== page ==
A Conversion Heard Around the World
by Thomas Haidon
[Title and text differ from the FrontPage Magazine version]
On the world stage, and under the auspices of Pope Benedict, Magdi Allam, a staunch Egyptian critic of radical Islam, became a member of the Roman Catholic faith. The significance and symbolism of this conversion cannot be understated, particularly in the current climate of Islamic-Catholic affairs. By embracing Roman Catholicism and rejecting Islam, Mr. Allam breached one of the most fundamental dogmas of traditional Islam by committing the "crime" of apostasy. At the same time Allam has made an empowering statement in support of the freedom of religion and universal human rights. While the implications have not been fully realized yet, the event will have clear personal implications for Mr Allam, and wider impacts on the state of Islamic-Roman Catholic Church Affairs. Nevertheless, the event presents both challenges and opportunities for Muslims and non-Muslims when confronting the aspects of Islam rarely discussed in the West.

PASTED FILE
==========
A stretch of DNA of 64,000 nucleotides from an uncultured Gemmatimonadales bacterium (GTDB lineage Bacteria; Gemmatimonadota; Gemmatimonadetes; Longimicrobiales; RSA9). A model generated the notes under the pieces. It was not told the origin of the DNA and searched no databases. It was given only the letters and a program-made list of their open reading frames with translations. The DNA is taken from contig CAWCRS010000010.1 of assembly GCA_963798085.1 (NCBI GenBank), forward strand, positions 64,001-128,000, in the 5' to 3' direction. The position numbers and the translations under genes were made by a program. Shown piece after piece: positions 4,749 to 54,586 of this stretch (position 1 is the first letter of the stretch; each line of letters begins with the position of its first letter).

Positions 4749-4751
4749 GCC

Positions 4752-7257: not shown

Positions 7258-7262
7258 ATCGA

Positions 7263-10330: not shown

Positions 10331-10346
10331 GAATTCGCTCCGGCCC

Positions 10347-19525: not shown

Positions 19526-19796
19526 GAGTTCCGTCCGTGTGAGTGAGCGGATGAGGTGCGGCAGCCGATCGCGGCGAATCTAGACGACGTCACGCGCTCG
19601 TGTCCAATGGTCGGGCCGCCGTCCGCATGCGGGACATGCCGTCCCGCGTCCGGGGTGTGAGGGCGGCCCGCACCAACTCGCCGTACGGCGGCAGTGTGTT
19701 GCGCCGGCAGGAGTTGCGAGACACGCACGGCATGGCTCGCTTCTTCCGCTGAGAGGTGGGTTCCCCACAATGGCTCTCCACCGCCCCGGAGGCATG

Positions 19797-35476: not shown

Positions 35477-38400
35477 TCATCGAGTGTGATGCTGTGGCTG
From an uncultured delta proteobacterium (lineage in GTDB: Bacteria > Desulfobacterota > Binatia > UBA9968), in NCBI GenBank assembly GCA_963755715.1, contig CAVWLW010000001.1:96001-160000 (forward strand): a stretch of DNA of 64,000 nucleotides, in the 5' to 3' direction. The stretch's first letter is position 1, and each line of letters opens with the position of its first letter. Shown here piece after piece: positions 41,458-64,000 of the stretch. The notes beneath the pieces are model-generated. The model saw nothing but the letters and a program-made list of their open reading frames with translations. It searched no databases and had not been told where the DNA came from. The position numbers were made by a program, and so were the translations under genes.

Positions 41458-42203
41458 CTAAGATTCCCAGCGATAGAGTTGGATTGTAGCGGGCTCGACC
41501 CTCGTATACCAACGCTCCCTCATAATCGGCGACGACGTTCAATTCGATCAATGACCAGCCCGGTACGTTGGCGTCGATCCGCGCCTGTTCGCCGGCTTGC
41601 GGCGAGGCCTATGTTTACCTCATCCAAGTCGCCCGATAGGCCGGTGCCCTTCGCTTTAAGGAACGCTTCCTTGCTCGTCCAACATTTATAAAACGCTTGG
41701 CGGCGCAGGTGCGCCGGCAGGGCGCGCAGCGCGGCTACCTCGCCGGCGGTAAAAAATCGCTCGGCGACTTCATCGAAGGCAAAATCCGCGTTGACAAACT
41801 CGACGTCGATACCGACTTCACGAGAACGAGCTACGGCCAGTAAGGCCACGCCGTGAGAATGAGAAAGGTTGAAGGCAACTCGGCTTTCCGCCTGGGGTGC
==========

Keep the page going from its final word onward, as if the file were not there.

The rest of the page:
At the basis of the ensuing controversy behind Mr. Allam's conversion is the judgment of traditional Islamic law. All of the major jurisprudential schools of traditional Islam criminalise apostasy, and all are in general accord that the punishment of death is mandated for the male, born to Muslim parents, who takes up another faith. While there have been alternative approaches articulated by some Islamic scholars and so-called moderates and reformers, the law is well settled. As such, Allam's conversion makes him a target for traditionalists and Islamists. In trying to grasp the situation, some commentators have begun to draw parallels between Mr. Allam and the author Salman Rushdie, born into Shi'a Islam, and accused of blasphemy and apostasy by the Islamic Republic of Iran. Rushdie has been the subject of several fatwa (Islamic legal judgments) calling for his execution, from both Sunni and Shi'a scholars, which have resulted in a number of attempts on his life.